What this means for you is that there’s an endless number of distinct fishing experiences to be had. Shore fishing and boat fishing provide totally different ways to enjoy your time on the lake and catch a few fish. Different lakes can be better suited for one or the other though—even just the fifteen lakes within the Chain o’ Lakes have widely divergent characteristics. Lake Marie, which has some of the best fishing in the Chain, has a depth of 14 to 35 feet and boat ramps on the northern and eastern shores, so you can get out there and fish for the plentiful bass, pike, walleye, and crappie that lake has to offer. Fox Lake also has dozens of boat ramps and abundant walleye, bass, perch, and crappie. Bluff Lake and Petite Lake, on the other hand, are great for shore fishing for pan fish. And when winter rolls around, ice fishing again allows for an entirely different experience.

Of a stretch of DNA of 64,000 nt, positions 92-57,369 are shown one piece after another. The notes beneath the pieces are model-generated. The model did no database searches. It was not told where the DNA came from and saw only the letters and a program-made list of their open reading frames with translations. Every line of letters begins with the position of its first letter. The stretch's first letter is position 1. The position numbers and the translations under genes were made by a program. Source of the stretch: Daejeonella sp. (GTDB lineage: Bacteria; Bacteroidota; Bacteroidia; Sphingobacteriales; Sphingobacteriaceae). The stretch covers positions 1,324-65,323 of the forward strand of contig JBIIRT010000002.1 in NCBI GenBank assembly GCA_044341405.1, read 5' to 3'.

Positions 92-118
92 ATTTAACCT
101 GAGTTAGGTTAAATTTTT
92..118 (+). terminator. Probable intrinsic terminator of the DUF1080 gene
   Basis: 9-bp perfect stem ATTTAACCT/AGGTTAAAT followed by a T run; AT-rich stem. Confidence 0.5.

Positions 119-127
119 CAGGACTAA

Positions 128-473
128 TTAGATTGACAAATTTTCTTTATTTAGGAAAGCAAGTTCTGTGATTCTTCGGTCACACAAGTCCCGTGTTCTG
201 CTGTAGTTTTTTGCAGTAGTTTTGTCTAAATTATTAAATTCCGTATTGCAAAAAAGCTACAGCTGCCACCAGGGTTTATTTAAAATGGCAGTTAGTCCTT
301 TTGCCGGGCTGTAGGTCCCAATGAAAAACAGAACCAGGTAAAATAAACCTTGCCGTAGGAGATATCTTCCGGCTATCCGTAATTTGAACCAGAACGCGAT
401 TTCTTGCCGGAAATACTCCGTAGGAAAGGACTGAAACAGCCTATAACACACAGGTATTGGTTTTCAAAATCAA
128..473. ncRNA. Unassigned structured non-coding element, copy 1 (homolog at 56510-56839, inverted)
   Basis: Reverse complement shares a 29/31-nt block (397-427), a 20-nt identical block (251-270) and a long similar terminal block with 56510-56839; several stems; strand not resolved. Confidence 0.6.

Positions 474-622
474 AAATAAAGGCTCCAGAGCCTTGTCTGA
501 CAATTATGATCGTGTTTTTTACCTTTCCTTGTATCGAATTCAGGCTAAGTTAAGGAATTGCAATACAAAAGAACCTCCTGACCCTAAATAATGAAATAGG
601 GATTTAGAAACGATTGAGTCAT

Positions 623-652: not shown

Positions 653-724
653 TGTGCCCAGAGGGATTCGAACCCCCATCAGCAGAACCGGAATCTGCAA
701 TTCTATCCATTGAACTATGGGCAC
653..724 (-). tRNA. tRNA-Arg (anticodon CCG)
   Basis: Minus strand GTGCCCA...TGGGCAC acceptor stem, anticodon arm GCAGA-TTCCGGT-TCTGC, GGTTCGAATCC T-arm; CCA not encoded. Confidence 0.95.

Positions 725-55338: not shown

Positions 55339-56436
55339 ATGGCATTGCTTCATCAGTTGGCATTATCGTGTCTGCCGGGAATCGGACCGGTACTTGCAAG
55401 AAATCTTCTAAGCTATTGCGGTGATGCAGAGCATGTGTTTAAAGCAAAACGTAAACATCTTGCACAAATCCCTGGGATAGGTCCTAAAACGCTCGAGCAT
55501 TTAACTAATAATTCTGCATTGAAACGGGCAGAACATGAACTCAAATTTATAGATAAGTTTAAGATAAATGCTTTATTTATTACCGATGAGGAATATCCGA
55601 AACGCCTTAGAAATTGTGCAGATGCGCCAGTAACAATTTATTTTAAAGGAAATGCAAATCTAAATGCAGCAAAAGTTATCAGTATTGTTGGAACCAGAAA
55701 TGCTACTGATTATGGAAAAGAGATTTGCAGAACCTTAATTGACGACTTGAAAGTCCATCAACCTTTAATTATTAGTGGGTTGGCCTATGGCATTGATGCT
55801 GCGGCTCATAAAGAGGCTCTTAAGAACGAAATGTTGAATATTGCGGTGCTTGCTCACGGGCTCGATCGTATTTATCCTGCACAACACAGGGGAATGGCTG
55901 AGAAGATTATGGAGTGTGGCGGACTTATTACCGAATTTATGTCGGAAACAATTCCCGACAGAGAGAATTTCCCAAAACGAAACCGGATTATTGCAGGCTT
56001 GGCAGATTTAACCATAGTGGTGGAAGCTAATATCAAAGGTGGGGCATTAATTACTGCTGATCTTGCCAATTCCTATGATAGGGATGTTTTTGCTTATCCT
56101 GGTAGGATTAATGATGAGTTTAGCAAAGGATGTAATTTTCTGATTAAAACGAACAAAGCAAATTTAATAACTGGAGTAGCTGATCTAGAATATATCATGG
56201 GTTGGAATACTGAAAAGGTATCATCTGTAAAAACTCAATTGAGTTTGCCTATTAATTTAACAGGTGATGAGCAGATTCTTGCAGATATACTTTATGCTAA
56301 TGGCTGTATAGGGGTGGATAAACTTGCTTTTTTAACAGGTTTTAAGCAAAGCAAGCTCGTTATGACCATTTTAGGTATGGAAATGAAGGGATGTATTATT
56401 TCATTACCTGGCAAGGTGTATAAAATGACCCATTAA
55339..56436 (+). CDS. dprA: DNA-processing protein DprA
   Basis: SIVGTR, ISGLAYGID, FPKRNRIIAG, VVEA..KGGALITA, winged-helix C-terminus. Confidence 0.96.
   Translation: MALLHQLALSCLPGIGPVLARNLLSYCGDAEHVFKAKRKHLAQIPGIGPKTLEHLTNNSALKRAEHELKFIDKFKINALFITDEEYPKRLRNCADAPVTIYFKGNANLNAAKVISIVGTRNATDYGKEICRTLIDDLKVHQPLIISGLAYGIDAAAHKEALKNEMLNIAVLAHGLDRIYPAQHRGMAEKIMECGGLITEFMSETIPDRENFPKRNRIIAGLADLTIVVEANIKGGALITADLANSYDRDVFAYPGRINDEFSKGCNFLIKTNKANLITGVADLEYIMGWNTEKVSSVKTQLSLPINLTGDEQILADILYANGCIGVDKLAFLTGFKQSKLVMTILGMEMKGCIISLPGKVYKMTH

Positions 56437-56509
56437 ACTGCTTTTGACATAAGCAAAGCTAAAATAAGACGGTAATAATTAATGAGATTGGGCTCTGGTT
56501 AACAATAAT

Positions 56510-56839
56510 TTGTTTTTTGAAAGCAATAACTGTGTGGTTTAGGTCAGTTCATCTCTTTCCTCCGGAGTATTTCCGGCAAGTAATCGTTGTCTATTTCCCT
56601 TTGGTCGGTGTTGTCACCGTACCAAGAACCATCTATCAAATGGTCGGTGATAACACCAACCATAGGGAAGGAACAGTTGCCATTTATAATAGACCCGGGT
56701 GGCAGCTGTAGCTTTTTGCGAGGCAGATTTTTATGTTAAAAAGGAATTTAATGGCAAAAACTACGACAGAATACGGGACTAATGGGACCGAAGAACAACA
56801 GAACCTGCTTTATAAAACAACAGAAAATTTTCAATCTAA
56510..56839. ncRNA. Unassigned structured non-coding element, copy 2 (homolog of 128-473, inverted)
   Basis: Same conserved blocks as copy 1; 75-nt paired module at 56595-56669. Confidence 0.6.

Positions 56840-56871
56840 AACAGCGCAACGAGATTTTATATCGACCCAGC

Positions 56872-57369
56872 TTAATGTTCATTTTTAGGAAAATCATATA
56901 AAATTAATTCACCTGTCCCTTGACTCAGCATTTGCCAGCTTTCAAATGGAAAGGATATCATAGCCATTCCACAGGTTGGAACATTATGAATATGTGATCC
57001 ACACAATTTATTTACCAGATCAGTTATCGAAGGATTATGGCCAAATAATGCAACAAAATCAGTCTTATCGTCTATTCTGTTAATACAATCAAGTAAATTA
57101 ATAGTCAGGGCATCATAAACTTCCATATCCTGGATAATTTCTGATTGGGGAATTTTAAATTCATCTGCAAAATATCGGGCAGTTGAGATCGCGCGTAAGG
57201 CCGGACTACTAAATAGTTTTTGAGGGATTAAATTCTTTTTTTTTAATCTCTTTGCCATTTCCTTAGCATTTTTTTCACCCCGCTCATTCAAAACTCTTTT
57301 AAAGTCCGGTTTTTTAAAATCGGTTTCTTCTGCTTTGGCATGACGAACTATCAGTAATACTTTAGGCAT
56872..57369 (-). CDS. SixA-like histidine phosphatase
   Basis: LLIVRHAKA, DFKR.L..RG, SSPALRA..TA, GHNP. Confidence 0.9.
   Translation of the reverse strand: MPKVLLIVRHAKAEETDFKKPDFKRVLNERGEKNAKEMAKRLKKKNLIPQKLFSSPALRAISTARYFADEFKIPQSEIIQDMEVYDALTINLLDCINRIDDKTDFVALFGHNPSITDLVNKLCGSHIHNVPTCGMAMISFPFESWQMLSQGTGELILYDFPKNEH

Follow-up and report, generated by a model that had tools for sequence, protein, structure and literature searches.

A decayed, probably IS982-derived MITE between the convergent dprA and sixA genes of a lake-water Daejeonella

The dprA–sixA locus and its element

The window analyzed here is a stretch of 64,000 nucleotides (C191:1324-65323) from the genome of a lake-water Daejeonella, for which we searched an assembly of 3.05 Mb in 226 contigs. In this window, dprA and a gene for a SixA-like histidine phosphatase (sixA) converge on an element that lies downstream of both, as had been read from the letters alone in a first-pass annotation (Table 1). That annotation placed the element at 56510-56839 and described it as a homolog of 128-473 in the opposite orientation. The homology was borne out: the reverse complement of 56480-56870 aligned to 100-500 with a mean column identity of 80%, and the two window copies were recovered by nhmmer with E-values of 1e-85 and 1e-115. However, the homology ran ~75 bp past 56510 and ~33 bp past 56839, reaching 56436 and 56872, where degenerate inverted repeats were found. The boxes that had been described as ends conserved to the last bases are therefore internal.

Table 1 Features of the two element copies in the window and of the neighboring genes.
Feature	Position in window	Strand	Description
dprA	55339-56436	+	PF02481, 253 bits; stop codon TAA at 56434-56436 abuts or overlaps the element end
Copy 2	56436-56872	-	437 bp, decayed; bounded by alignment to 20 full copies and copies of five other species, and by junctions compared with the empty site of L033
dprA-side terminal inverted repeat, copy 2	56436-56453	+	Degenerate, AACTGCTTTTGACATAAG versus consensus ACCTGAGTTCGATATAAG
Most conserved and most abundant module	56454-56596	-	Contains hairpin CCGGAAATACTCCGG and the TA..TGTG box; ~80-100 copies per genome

Fishing is also a great activity to get the family involved in—it teaches kids patience and is a perfect way to get them involved in the outdoors. These lakes are especially well-suited for fishing trips including children, with safe, accessible, family-friendly fishing spots available.

Abundant Natural Life

Fish are far from the only living things inhabiting the lakes of northern Illinois though. Many of the lakes also feature forest preserves and other natural wonders around them, and almost always these bodies of water are bastions for all manner of animals.

For example Wolf Lake, just on the Illinois-Indiana border between Chicago and Gary, is home to all sorts of wildlife. In 2002, biologists gathered here for a BioBlitz, in which they found over 2,000 species including otters, endangered squirrels, and a new type of beetle.